for E. J. Merrill for the summer. Mr.
Merrill has improved a lot but is
still not in perfect condition.
Mrs. J. W. Stevens and family are
moving to Hamilton They planned to
leave Tuesday morning for their
new home. We are all sorry to lose
our neighbors but we hope they like
it as well where they are going and
will wander back once in a while
to see us.
State College Does Not
Assay or Examine Ore
"Don't send any more mineral
samples to Oregon State college for
assaying or examination," is the plea
of J. H. Batcheller, professor of min
ing engineering at OSC.
Despite the fact that a new state
department of geology and mineral
industries has been set up for more
than a year where such information
may be obtained free, an average of
seven to eight packages of ore a
week continue to come to the col
lege which now has no facilities for
handling them. Most of these sam
ples are sent from isolated areas
A letter addressed to 704 Lewis
Building, Portland, will bring com
plete information on the type of
free assays and service which is
available from the new state de
partment of geology and mineral in
dustries. W. H. French was in from Blue
mountain ranch Monday. He report
ed the timbered region drying out
some with advent of warmer weath
er though still pretty soft in places.
He expected to leave next Monday
for a week's visit in the Willamette
To Honor Large Class
Oregon State College The largest
class ever to be graduated at Ore
gon State college will receive their
"sheepskins" here Tuesday morning,
May 31, when approximately 522
bachelor degrees will be awarded at
the sixty-ninth annual commence
ment. These in addition to about 80
masters, doctors of philosophy and
professional degrees will bring the
total to around 600. Employment
conditions for graduates are nearly
as good as last year.
Commencement weekend events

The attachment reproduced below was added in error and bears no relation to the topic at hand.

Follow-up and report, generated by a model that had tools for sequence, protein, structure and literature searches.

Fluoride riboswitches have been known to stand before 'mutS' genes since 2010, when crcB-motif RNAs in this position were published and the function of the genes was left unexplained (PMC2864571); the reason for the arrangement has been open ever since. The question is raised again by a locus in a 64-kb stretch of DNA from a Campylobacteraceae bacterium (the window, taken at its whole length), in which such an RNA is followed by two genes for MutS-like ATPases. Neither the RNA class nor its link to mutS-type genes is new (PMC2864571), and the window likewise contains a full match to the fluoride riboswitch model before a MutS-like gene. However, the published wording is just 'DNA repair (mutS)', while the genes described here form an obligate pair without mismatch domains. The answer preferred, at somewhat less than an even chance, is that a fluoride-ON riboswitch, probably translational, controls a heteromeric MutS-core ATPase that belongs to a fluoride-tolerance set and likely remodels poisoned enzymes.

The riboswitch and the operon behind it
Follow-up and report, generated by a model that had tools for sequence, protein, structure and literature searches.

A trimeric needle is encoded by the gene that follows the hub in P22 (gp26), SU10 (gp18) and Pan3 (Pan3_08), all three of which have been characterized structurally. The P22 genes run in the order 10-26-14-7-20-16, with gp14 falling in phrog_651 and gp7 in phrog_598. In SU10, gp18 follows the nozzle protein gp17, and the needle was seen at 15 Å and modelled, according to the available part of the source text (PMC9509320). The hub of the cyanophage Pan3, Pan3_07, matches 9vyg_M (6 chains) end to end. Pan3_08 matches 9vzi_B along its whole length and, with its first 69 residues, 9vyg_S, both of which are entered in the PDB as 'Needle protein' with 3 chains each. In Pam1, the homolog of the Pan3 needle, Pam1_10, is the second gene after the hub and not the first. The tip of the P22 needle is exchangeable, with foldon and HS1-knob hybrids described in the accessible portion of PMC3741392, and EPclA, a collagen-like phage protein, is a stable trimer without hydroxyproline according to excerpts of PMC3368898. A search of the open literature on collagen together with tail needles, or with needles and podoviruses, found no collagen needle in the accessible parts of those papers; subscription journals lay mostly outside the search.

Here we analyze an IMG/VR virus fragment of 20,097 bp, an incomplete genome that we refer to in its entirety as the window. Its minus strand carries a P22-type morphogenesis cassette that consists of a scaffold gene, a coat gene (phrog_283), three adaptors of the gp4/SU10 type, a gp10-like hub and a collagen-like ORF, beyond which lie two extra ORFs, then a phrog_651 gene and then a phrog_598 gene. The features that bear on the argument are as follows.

begin Friday afternoon, May 27, with
registration of almuni returning for
the occasion, and the Silver Jubilee
class dinner that night. Saturday is
Alumni day, with various class func
tions, the alumni banquet and the
president's reception. The bacca
laureate address Sunday will be giv
en by Dr. Oswald W. S. McCall, pas
tor of the First Congregational
church of Berkeley, and the com
mencement address Tuesday by Dr.
Joseph Mason Artman of Chicago.
Final examinations for other than
senior students will close June 4, and
on the following Monday, June 6,
from 1700 to 1900 4-H club members
will arrive on the campus for the
annual two-weeks club summer
school. The first regular summer
session will begin June 20 and run
to July 29, and the second session
runs from August 1 to Sept. 2.
The sentence of Gordon Keith
Underwood was changed from a year
in the state penitentiary to a term
in the state reformatory when he ad
mitted that he had wrongly given his
age as 18 and was only 17. Under
wood was sentenced first in circuit
court last week on plea of guilty
to the recent theft of the J. G. Bar
ratt automobile. The admission of
the younger age" subjected him to
jurisdiction of the juvenile court
where he was sentenced by Judge